The orientation and extension of a finitely extensible nonlinearly elastic (FENE) dumbbell in an electric field is analyzed to model the nonlinear phenomena observed during orientation and relaxation of flexible polymer molecules in transient electric birefringence measurements. In the model the dumbbell interacts with the electric field via an induced dipole with a dipole moment proportional to the end-to-end separation of the dumbbell. The electric field produces a strong "elongational" deformation of the molecule which has analogies with the deformations produced by elongational flow. The steady state birefringence, as a function of field strength, is calculated in two ways: first using matched expansions around low and high field conditions, and then using Peterlin's approximation of preaveraging the connector force law. Both techniques yield similar results: Kerr law behavior is observed at low field strengths and saturation of birefringence at high field strengths. Birefringence relaxation after the field is removed shows a strong field dependence on the initial rate of relaxation. Previously proposed means of analyzing birefringence relaxation data for flexible molecules are discussed in light of this observation.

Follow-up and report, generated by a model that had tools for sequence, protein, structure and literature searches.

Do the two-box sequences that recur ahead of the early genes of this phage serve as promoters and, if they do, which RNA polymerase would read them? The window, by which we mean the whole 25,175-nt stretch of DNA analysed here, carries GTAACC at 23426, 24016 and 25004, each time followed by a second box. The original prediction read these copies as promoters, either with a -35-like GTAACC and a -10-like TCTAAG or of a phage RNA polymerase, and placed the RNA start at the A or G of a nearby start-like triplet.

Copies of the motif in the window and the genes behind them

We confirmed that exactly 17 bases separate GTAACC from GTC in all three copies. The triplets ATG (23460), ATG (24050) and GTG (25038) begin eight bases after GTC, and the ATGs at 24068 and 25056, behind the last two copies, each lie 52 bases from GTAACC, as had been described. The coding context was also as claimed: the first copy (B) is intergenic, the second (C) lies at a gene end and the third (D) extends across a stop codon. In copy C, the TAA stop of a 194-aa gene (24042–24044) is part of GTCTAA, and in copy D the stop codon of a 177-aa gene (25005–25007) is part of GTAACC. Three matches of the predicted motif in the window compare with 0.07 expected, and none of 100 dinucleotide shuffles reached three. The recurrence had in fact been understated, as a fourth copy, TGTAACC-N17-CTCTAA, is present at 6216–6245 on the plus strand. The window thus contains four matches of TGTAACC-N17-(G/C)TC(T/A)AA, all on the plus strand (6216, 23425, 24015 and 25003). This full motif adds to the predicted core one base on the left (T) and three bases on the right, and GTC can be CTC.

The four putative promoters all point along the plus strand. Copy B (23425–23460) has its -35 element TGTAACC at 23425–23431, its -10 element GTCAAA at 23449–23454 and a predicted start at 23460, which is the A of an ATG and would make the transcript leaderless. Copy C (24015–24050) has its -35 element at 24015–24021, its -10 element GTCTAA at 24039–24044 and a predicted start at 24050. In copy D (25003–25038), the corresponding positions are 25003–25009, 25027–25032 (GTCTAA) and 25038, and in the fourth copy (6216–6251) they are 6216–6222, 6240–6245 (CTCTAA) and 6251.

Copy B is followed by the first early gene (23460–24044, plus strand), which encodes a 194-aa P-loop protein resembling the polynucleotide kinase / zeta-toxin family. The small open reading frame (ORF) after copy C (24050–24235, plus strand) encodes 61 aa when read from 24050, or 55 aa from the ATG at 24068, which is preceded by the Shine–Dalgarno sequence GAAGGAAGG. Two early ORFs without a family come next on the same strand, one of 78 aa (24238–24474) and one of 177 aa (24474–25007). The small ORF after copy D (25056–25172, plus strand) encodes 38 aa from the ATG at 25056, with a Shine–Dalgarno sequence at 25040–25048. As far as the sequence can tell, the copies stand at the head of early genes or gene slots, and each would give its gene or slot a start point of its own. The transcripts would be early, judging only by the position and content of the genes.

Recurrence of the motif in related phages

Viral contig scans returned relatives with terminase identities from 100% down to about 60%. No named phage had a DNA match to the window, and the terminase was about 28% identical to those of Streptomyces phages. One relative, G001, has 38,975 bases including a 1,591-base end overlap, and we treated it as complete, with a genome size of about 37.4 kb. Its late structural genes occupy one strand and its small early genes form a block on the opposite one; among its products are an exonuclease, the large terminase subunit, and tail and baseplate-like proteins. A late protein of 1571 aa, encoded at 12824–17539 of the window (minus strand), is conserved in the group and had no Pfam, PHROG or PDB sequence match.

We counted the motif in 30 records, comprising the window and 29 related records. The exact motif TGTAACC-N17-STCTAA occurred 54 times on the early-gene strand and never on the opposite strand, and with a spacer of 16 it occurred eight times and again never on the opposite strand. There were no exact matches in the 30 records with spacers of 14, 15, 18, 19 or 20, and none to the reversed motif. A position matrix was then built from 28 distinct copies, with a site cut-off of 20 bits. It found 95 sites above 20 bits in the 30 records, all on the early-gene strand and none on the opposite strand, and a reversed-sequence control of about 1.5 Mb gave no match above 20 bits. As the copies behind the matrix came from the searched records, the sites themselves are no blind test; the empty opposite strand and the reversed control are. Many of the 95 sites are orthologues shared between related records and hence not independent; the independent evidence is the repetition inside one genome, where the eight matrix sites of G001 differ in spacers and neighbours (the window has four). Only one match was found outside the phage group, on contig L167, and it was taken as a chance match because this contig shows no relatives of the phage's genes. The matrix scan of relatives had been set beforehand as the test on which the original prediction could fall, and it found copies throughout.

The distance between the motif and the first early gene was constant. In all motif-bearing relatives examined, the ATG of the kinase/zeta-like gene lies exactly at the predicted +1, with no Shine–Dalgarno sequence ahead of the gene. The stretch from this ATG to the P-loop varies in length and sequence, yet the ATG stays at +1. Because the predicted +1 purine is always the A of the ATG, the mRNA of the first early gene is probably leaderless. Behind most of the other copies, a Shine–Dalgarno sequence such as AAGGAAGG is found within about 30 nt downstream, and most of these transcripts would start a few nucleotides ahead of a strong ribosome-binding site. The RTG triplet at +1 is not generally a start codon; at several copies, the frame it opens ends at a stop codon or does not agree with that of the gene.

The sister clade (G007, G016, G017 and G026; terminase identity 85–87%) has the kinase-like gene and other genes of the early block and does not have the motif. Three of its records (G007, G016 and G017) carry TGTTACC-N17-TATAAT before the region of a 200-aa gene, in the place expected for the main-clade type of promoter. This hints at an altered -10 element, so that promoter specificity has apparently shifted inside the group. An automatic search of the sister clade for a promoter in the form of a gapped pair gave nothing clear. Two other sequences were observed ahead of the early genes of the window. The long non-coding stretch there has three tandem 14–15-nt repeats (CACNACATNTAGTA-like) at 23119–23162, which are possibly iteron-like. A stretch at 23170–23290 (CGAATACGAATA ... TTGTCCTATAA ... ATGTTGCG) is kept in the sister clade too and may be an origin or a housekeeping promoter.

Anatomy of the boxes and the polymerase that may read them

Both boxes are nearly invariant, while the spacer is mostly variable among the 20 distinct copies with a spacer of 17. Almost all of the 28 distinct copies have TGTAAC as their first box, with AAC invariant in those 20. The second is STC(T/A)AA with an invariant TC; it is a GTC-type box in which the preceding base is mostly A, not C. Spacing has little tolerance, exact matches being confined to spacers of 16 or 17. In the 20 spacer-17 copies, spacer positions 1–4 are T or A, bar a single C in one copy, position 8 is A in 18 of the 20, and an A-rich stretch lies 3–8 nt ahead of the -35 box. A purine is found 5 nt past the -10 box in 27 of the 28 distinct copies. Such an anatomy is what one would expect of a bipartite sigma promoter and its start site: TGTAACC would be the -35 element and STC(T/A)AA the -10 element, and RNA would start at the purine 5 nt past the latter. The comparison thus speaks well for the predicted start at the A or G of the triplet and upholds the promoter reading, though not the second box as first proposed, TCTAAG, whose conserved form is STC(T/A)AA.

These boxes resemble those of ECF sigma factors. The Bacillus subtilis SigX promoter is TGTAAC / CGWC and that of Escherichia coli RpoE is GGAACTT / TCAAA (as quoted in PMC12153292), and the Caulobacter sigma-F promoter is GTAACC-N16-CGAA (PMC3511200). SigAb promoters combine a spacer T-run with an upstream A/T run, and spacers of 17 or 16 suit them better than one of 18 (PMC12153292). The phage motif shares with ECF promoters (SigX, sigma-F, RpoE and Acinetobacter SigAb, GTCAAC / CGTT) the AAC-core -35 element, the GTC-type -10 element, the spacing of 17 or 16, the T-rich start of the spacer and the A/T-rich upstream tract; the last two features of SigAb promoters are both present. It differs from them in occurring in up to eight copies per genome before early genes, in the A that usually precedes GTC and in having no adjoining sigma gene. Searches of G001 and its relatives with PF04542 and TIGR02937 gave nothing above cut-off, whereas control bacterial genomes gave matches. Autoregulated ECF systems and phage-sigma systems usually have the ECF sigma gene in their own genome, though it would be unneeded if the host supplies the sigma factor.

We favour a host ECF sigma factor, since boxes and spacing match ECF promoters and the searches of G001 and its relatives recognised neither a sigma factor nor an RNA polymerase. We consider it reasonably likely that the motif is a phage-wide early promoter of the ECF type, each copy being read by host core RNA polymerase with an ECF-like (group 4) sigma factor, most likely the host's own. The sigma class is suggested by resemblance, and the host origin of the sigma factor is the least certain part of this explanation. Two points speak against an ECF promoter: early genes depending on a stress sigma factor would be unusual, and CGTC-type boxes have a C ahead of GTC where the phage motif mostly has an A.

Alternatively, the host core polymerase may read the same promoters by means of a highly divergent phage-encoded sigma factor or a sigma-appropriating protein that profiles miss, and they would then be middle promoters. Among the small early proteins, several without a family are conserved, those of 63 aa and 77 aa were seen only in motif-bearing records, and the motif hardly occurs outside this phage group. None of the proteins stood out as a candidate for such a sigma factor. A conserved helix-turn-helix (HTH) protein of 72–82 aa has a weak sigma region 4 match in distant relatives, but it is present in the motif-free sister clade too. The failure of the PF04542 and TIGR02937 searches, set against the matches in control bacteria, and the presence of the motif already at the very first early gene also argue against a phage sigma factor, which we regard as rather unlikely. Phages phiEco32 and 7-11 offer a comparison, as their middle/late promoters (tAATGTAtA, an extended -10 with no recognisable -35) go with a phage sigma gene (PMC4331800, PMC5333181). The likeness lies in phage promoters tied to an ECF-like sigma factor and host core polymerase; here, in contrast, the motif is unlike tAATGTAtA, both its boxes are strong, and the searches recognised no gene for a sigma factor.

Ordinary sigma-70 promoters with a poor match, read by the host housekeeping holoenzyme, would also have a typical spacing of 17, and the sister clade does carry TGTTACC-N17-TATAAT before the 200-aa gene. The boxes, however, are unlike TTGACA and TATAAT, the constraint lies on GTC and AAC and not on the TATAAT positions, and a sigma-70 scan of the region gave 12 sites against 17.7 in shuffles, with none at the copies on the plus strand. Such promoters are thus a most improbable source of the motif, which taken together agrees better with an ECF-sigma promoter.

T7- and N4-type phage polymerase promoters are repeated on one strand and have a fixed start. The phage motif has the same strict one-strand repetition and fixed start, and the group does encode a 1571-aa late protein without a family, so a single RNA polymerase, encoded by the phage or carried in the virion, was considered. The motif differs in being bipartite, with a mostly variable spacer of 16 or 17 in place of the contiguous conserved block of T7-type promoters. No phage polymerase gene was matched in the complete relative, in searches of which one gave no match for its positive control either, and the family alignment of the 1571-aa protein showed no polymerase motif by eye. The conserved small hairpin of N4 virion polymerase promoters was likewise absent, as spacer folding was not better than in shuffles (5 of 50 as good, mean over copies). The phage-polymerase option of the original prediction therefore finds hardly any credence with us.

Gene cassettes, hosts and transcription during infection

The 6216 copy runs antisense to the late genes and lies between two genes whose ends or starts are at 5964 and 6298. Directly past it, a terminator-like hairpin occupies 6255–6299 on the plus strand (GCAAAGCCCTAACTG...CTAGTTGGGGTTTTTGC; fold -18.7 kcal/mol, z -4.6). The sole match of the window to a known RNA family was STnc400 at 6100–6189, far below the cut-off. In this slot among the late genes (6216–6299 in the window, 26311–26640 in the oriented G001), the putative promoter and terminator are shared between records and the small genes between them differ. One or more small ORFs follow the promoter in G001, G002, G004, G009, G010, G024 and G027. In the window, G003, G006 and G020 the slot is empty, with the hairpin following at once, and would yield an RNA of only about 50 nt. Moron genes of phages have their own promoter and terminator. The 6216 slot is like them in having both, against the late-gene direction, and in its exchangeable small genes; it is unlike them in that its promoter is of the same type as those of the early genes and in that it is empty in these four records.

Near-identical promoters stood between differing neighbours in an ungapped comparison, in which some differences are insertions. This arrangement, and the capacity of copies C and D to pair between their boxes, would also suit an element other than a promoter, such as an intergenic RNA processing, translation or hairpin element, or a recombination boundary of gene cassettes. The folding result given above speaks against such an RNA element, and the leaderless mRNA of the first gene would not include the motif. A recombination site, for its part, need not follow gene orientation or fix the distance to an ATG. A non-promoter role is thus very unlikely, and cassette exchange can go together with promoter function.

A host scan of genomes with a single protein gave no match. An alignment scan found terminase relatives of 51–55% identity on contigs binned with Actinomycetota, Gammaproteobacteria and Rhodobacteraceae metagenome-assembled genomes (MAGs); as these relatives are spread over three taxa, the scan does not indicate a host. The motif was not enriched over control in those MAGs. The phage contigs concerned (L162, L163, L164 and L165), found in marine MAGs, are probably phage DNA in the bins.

All Science Journal Classification (ASJC) codes
- Physics and Astronomy(all)
- Physical and Theoretical Chemistry